9. The McCain Roadmap: McCain has already foreshadowed his campaign’s construct against Obama: His vulnerability is experience and judgment on national security.
* McCain: Obama’s ‘meet, talk and hope approach’ is ‘dangerously naïve in international diplomacy.’ “Meet, talk, and hope may be a sound approach in a state legislature, but it is dangerously naive in international diplomacy where the oppressed look to America for hope and adversaries wish us ill.” [McCain, NYT’s The Caucus, 2/22/08]
* McCain: Obama is an ‘inexperienced candidate who once suggested bombing our ally, Pakistan, and suggested sitting down without preconditions or clear purpose with enemies who support terrorists.’ “Each event poses a challenge and an opportunity. Will the next president have the experience -- the judgment, experience informs and the strength of purpose to respond to each of these developments in ways that strengthen our security and advance the global progress of our ideals? Or will we risk the confused leadership of an inexperienced candidate who once suggested bombing our ally, Pakistan, and suggested sitting down without preconditions or clear purpose with enemies who support terrorists and are intent on destabilizing the world by acquiring nuclear weapons? I think you know the answer to that question.” [Post-Wisconsin Primary Victory Speech, 2/19/08]
10. Steward of the economy. Hillary Clinton leads both John McCain and Barack Obama on the economy and health care. In the latest LA Times/Bloomberg poll (1/22), Hillary leads McCain 52/28 on health care and 43/34 on the economy.
* Hillary leads Barack Obama on health care by 21 points nationally [USA Today/Gallup, 2/24].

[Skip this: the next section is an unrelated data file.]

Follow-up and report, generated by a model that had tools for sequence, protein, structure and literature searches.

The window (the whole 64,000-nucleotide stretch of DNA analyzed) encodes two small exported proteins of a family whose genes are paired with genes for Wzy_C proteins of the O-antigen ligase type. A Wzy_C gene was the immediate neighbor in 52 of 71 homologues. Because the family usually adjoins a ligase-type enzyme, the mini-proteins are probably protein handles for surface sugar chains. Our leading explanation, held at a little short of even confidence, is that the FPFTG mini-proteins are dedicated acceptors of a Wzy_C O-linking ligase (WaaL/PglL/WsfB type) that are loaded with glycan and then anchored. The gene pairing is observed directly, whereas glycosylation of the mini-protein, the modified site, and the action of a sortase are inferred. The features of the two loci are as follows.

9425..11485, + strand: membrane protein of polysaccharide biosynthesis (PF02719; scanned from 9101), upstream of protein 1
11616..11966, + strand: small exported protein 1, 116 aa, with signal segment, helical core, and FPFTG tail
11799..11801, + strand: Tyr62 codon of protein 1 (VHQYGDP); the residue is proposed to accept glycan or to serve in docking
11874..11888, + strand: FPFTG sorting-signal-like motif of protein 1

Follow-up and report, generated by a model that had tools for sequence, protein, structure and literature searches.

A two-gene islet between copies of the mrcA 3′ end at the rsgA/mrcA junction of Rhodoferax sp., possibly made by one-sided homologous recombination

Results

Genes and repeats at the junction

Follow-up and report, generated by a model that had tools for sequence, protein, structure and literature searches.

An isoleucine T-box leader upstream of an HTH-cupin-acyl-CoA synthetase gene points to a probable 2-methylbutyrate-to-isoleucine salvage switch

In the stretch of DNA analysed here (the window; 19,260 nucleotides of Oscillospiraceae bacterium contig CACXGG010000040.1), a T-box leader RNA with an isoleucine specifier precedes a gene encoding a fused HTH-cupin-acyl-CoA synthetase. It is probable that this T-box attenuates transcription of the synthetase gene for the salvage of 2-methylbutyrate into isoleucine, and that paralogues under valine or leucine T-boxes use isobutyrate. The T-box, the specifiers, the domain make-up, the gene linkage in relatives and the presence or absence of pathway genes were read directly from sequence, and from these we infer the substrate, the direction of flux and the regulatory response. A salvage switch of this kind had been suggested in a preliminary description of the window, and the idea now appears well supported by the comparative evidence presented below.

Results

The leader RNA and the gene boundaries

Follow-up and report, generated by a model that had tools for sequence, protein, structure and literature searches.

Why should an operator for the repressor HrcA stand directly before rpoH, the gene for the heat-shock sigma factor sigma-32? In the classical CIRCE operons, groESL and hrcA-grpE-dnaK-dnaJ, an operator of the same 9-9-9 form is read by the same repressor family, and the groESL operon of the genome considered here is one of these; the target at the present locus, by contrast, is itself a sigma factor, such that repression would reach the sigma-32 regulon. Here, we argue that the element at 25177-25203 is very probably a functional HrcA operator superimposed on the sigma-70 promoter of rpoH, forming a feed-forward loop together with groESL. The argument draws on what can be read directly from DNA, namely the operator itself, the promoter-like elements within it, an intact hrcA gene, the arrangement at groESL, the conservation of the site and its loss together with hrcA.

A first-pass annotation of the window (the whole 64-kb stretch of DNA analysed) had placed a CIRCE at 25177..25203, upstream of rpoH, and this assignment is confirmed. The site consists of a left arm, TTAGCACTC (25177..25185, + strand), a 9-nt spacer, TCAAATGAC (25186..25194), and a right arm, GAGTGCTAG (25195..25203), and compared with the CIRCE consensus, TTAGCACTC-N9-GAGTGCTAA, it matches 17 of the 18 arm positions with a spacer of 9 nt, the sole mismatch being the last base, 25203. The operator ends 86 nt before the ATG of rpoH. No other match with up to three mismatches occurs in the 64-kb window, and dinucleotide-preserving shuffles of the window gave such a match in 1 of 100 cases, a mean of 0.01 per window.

11. Florida. There is an additional reality that must be considered – the 1.75 million voters in Florida whose votes will not be represented at the Democratic convention. How we handle this swing state will affect our Party’s potential of carrying it in November (Democrats lost Florida in 2004). This is a state where the playing field was level – all of the candidates had their names on the ballot and none campaigned in the state.
12. Michigan. Nearly 600,000 Democrats voted in Michigan, but right now their votes are not being counted. Democrats barely carried Michigan in 2004 (by only 3% -- 51 to 48). If our party refuses to let them participate in the convention, we will provide a political opportunity for the Republicans to win both Florida and Michigan. Recognizing their importance to Democratic success in November, Hillary has called for the delegates of both states to be seated at the convention.
13. Hillary has the money to compete. In February, the Clinton campaign raised approximately $35 million – averaging more than a million dollars a day. This deep level of support gives Hillary the resources she needs to compete between now and the Convention.